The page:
Aleksei Gastev

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Aleksei Kapitonovich Gastev (Russian: Алексей Капитонович Гастев) (1882–1939).

Described in the Wikipedia entry as "a participant in the Russian Revolution of 1905, a pioneer of scientific management in Russia, a trade-union activist and an avant garde poet."[1] Note for translation — trans latio — of Taylorism into Lenin's Soviet Union, a crucial event for Zamyatin's We. Note references in John J. Pierce's discussion of Soviet literature in Foundations of Science Fiction[2]to Aleksei Gastyev's promotion of "the idea of a mechanized proletariat, with psychological manifestations 'so foreign to personalism [and] so anonymous, that as these collectives-complexes move they resemble the movement of objects, with individual human faces gone'” (quoting Michael Kandel in introduction to: Stanislaw Lem, Mortal Engines, trans. Kandel (Avon/Bard Books, 1982), p. x) — and somewhat later reference to "Gastyev’s mechanistic collectivism" (revision in ms., "Up from Stalinism" section, p. 14 and note 50). Note "Aleksei Gastev and the Metallization of the Revolutionary Body," by Rolf Hellebust Slavic Review 56.3 (Autumn, 1997: 500-518.[3]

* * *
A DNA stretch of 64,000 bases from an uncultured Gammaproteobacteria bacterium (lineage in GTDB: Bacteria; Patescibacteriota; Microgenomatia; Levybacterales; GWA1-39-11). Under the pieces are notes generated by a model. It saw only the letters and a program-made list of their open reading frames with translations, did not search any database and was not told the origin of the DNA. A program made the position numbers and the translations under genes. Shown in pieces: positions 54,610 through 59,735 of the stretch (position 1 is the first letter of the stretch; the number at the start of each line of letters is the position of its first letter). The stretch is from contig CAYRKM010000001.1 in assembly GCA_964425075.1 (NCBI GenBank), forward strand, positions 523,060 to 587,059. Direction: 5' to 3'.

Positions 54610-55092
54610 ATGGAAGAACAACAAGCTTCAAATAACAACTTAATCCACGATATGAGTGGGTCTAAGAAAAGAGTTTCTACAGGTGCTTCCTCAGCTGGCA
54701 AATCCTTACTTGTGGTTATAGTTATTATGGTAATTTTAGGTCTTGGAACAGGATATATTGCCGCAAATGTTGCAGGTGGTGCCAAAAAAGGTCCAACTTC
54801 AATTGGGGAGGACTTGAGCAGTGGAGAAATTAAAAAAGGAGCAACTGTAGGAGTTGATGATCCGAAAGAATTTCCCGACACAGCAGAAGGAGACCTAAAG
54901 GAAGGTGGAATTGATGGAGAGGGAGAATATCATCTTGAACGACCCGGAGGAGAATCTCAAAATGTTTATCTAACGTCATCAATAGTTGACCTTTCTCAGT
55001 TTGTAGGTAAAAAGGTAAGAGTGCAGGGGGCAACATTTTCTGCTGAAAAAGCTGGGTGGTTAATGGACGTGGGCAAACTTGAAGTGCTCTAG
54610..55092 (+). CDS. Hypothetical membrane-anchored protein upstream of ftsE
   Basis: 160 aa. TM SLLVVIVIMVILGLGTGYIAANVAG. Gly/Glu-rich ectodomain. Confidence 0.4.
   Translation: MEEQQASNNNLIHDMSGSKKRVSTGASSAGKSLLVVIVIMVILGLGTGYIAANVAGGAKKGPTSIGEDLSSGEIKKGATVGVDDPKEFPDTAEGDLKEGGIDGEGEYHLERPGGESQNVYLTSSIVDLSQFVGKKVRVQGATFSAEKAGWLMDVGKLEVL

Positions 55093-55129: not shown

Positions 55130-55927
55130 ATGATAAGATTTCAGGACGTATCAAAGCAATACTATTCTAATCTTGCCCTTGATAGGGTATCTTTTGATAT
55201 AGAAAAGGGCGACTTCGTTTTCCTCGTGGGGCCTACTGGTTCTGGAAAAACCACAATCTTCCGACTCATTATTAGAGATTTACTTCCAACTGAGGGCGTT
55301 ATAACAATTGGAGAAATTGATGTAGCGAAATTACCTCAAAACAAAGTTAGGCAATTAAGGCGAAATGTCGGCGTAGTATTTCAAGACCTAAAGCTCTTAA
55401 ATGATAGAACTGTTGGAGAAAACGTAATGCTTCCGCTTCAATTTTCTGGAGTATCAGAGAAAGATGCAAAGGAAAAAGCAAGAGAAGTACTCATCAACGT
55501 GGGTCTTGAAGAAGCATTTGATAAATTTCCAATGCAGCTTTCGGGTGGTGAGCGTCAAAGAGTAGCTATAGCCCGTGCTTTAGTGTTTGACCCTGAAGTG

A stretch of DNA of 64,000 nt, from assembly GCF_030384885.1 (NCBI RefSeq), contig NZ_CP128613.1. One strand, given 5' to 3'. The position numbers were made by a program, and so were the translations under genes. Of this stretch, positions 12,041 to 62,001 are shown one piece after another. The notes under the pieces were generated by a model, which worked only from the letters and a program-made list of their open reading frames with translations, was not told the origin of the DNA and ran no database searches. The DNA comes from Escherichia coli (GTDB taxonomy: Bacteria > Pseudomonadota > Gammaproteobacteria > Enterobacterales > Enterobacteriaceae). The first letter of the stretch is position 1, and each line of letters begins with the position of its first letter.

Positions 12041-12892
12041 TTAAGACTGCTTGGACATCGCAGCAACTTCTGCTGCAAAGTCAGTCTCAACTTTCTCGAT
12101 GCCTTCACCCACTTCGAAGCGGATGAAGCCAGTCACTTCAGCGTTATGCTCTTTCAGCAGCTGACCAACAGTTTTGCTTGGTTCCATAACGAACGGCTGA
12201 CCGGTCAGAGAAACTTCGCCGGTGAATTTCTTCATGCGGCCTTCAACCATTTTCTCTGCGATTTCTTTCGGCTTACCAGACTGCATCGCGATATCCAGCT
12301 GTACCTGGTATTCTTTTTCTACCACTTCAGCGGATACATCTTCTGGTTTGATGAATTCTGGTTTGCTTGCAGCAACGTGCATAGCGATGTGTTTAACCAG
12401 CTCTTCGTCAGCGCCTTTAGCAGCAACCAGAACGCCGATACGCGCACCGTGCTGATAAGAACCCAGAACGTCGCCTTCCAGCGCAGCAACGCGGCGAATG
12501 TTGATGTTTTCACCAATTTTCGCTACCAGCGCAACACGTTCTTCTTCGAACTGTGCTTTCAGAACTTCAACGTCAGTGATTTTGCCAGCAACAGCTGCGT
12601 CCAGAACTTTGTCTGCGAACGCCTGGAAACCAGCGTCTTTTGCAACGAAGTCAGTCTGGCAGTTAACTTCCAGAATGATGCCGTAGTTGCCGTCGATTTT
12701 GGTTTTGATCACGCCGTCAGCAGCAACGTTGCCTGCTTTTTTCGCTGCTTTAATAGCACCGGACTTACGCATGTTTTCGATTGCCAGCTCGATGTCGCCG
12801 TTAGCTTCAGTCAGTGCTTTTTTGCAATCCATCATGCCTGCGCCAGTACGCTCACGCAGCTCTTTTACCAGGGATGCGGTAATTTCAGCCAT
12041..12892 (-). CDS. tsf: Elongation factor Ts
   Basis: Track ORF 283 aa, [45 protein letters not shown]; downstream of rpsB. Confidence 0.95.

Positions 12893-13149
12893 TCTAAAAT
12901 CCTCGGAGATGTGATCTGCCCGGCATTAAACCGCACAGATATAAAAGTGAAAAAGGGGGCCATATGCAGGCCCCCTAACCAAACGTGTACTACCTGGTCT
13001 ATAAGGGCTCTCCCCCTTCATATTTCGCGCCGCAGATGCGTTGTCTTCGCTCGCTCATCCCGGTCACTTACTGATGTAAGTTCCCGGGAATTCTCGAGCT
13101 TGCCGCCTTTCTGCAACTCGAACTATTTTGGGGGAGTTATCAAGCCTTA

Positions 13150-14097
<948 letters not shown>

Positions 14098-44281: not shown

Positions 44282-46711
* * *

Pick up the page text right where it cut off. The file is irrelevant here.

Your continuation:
RDE, with thanks to JJP, 6July20